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17 of 17 people found the following review helpful
5.0 out of 5 stars A moving, sweeping, dark masterpiece of literature
The Vampire Lestat is not only one of the most engaging, remarkable, illuminating, and important horror novels ever written, it is a beautiful work of art that stands proudly among the ranks of what I define as great literature. The breadth and scope of this novel is almost staggering, as is the hypnotic language in which every word and phrase is uttered. Interview With...
Published on 1 Aug 2003 by Daniel Jolley

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5 of 7 people found the following review helpful
3.0 out of 5 stars One bite too far
I purchased this book as I had been so enthralled by 'Interview with a Vampire' and the frankly fascinating character of Lestat. He is without regret in his slaughter yet attractive to his victims, he is intelligent but brutal, he is a vampire filled with life as well as blood.
Parts of the book live up to the first novel in the series as he wanders around Paris and...
Published on 5 Jan 2003 by Elizabeth Taylor


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17 of 17 people found the following review helpful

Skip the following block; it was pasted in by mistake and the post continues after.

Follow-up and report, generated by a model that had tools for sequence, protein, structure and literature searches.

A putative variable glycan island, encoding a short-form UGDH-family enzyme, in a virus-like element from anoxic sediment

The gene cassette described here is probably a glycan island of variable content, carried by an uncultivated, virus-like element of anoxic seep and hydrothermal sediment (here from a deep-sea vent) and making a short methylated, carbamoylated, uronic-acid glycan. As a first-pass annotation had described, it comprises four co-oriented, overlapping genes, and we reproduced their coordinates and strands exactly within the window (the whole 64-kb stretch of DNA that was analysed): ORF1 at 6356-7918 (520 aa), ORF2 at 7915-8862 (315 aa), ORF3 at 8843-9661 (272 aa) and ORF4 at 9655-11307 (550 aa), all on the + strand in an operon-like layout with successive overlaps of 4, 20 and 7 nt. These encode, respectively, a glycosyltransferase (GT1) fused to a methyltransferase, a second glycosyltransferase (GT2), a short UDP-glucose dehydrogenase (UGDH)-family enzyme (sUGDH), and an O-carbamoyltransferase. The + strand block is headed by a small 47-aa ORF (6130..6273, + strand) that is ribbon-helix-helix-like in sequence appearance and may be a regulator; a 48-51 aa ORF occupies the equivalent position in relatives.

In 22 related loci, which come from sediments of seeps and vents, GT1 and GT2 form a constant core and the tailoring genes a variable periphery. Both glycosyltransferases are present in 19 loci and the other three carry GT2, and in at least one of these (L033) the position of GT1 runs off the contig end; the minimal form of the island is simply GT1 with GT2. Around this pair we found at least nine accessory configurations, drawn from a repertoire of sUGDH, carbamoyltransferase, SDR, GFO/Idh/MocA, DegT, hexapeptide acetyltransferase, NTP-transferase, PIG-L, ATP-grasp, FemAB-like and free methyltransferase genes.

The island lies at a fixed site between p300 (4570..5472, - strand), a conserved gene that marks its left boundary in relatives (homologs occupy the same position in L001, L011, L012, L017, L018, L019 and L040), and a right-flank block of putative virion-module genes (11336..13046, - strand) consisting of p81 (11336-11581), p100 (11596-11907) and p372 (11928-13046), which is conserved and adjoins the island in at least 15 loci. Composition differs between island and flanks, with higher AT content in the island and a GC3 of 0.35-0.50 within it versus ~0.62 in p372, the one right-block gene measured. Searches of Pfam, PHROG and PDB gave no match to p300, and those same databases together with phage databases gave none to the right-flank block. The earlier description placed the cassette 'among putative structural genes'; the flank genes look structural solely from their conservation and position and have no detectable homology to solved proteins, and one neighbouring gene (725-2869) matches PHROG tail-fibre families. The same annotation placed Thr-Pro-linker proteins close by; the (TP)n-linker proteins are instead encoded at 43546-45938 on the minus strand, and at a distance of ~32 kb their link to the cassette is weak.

5.0 out of 5 stars A moving, sweeping, dark masterpiece of literature, 1 Aug 2003
By 
Daniel Jolley "darkgenius" (Shelby, North Carolina USA) - See all my reviews
(HALL OF FAME REVIEWER)    (TOP 500 REVIEWER)    (REAL NAME)   
The Vampire Lestat is not only one of the most engaging, remarkable, illuminating, and important horror novels ever written, it is a beautiful work of art that stands proudly among the ranks of what I define as great literature. The breadth and scope of this novel is almost staggering, as is the hypnotic language in which every word and phrase is uttered. Interview With the Vampire was provocative and soul-stirring, but its greatest achievement pale in comparison to the least of the many wonders worked into this second volume of Anne Rice's Vampire Chronicles.
It was the story of Claudia the vampire child that touched my heart in the first novel, although the moral and philosophical questions asked by Louis opened the door for a new kind of vampire literature. Still, Lestat hovered and brooded over every page of Interview With the Vampire, leaving nothing but unanswered questions in the wake of his coldness and sometimes pathetic manifestations. One could not help but wonder about his origins and history, the heavy weights of his mysterious life having left him little more than a husk of a vampire at the end of Louis' story. Finding out in the opening pages of The Vampire Lestat that this inscrutable wanderer is not only thriving once again but that he has in fact become a rock star seems pretty strange. Yet all things are made clear in this novel, for this is Lestat's story, and he violates every vampire law by revealing secrets beyond the ken of mortal man. Lestat wants to embrace his true nature, show the world's population that vampires live amongst them, and incite a glorious war between man and the Children of the Night.